So at the moment, I do not see a big upside or under valuation for stock, taking into account the higher risk profile of the stock.

The upside could come back, if Ukraine gets solved quickly and a lower discount rate could be justified. Another positive could be somehow lower costs but I would not rely on this. Finally, if they continue to buy back shares, then we could also see improving metrics per share but they didn’t announce anything yet.

What to do now ?

I am a little bit uncertain at the. I think I made a mistake in the beginning by using a discount rate which was too low and did not reflect the geopolitical risk profile of their subsidiaries. Now however, the Ukrainian risk seems to be priced in already to a large extent. As I am somehow more sympathetic to Emerging Markets in their currently depressed state, I am tending to keep Vetropack as a partial “Emerging markets / Ukraine bet” for the time being.

However, if I would find more and better EM bets, I might sacrifice Vetropack at some point in time.

Quick updates: Sol SpA, AS Creation, Vetropack

Sol SpA

Sol came out with a “preliminary annual” already end of March. The numbers were not really surprising.

Sales were up 4.9%, EBITDA was up +1.4%, however net result was down -6.8%. I find this surprisingly good especially considering the tough environment for the mostly Italien based industrial gas business.

Most interesting is this part of the statement:

In comparison to 2011, the sales increased slightly in Italy (+0.2%) but much more abroad (+10.8%), which represents 46.8% of the total turnover. The home-care business, in which the Group operates through VIVISOL, marked a growth of 10.9% (sales equal to € 264.9 ml), while the technical gases business increased of 1.3% (sales equal to € 344.9 ml).

I think this is also the reason why the share price is doing quite well at the moment, despite the overall EPS decrease.

AS Creation

Also last week, AS Creation came out with its annual report for 2012. Numbers were ok (EPS 2.67 EUR per share against 1.69 EUR last year. Dividend will be increased to 1.20 EUR.

This is all quite positive, however the shares are now not cheap anymore. With a trailing P/E of 16 and the German economy running on full steam, there seems to be quite a lot of positive expectations for the Russian JV priced in.

AS Creation is one of the stocks where I have to check in more detail if there is still a real “margin of safety” at this level. (Edit: Interestingly, in Bloomberg they show a wrong EPS number for 2012. Here the EPS is 3.22 EUR, this makes the stock look cheaper)

The stock price has great momentum and is on its way to challenge the ATH from 2007 at around 50 EUR:

Vetropack

Last but not least, Vetropack came out with their 2012 report some days ago. Although EPS wass up strongly at 197 CHF per share, operating profit was down. The reason for this was a sale of non used real estate. Vetropack invested significantly more in 2012 than 2011, the question will be if this results in more growth.

In 2012, positive developements in some countires were off set mainly through negative developements in Switzerland and high energy costs.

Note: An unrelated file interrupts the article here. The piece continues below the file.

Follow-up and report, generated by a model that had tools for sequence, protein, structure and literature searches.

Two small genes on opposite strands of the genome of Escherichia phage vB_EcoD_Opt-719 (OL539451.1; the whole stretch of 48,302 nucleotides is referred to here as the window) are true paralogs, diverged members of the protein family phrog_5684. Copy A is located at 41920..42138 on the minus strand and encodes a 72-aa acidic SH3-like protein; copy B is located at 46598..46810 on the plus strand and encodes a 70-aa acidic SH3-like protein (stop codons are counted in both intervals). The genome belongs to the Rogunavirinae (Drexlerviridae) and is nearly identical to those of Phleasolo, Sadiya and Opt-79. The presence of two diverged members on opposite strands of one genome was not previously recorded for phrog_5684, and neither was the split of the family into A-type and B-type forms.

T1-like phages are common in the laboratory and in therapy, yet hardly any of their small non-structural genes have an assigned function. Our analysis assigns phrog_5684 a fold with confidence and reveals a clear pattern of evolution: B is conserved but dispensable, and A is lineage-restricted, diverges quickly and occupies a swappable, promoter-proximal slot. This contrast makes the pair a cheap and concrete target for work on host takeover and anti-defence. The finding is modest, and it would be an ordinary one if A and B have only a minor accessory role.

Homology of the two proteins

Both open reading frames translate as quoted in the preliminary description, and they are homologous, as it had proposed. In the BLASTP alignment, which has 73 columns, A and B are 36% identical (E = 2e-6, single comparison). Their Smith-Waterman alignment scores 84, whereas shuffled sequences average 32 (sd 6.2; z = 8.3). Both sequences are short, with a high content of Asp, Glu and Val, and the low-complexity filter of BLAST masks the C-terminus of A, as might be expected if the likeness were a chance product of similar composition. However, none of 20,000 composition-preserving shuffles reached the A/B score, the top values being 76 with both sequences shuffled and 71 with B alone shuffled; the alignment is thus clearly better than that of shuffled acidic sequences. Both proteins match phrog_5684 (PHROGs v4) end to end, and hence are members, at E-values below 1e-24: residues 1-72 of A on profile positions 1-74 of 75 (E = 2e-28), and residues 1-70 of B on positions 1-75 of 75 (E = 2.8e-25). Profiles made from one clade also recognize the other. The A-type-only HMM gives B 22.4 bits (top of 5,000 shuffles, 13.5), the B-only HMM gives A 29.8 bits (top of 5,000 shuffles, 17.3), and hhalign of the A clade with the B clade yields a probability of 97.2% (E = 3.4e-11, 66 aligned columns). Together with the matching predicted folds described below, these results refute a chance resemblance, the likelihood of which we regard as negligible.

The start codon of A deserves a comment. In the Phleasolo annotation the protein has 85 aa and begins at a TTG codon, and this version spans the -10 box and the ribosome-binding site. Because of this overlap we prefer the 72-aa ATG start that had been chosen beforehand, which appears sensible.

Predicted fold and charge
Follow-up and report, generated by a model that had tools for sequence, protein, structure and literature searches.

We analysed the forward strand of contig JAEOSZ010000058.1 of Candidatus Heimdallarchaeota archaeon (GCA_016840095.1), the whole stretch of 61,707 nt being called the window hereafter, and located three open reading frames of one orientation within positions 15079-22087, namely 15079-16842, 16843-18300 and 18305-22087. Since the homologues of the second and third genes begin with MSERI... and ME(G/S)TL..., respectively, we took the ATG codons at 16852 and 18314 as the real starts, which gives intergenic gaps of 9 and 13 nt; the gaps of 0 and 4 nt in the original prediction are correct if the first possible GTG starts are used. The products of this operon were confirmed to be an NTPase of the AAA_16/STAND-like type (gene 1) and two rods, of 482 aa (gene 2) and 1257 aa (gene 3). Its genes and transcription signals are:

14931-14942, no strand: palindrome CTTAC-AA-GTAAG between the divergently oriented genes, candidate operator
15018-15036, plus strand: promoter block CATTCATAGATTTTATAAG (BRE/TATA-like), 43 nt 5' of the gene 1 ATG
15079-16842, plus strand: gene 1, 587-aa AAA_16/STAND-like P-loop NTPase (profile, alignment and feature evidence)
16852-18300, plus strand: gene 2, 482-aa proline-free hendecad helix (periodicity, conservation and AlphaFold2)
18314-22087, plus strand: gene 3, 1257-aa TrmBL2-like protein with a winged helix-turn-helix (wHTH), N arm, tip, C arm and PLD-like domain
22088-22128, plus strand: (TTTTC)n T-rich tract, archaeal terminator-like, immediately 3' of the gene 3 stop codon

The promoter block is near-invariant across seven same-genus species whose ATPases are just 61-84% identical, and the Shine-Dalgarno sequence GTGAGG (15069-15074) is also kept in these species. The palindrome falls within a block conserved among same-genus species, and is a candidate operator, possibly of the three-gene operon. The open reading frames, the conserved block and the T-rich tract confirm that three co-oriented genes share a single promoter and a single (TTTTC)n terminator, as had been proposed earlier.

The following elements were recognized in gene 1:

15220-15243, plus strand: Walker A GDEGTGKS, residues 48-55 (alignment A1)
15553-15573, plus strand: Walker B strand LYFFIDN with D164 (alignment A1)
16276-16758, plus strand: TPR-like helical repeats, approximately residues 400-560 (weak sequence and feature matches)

I still like Vetropack as a very boring, extremely defensive (indirect) consumer play, again one has to monitor if the capital is allocated efficiently. At the moment a solid “hold” position.

The stock price is stagnating clearly, also compared for instance vs. Italian competitor Zignano:

Vetropack is trading at a discount (EV/EBITDA) both to Zignano and Vidrala, the 2 European peers which, in my opnion should be theother way round.

Portfolio updates & ManU short

Draeger Genußscheine

After the dramatic increase in the Draeger Genußscheine, the portfolio weight of this position increased to aropund 11%. As 10% is my maximum treshold, I will sell down to 10% of portfolio weight from today on.

Manchester United short

Manchester United is now avaliable to short at Interactive Brokers. Therefore I will start with a 1% portfolio weight short position as of today as discussed in the post.

On the third trading day, the stock showed already a similar pattern to Facebook after the IPO, with the banks supportiung now at 13,40 USD after the IPO price didn’t hold.

Rebalancing: Total Produce, Hornbach, Vetropack

Due to differences in performance and paid out , some of my core holdings dropped significantly below the 5% target thresholds, among others:

– Total Produce (~4.2%(
– Hornbach (~4.5%)
– Vetropack (4.16%)

For those 3 companies, I will add to a full 5% over the next days depending on volume.

DISCLAIMER

By the way, please do not forget that I might own or buy or sell the mentioned securities privatley and read the disclaimer.

Housekeeping Magyar Telecom, Tonnelerie and Vetropack

As posted on Friday, I fully exited the Magyar position already on Friday at the VWAP of 589.6 HUF,or 2.03 EUR per share.

Part of the liquidity (currently 13 %) will be used to increase Tonnelerie and Vetropack to full positions of 5% from currently 3.2% and 2.8%. This is also a “self controlling” effort in order not to “waste” the free liquidity on any half baked ideas. In my opinion, you are much more focused if you have to sell an old position first before you buy the new position.

Vetropack – Business model, Peer Group

After yesterday’s starting post for Vetropack, I would like to add some additional thoughts.

Business model & possible moat:
Vetrpopack basiscally produces glass bottles for beer, juice and softdrink companies. With all those beverages, usually both, the brewing and botteling part is done locally. Beverages esp. in glass containers are ussually difficult and expensive to ship, so especially the big breweries and soft drink companies produce everything locally.

The same applies for the glass containers themnselves , which are relatively cheap but expensive and difficult to transport. So somehow similar to a cement plant, someone with a local glass bottle production has a local natural cost advantage (“moat”) to competitors from geographically remote regions. The major difference to cement plants being the lower cyclicality of the business.

Peer Companies

I found the following companies which could be considered “peers” i.e. companies manufacturing glass packaging:

Vidrala SpA (Spain, glass bottles, very similar to Vetropack)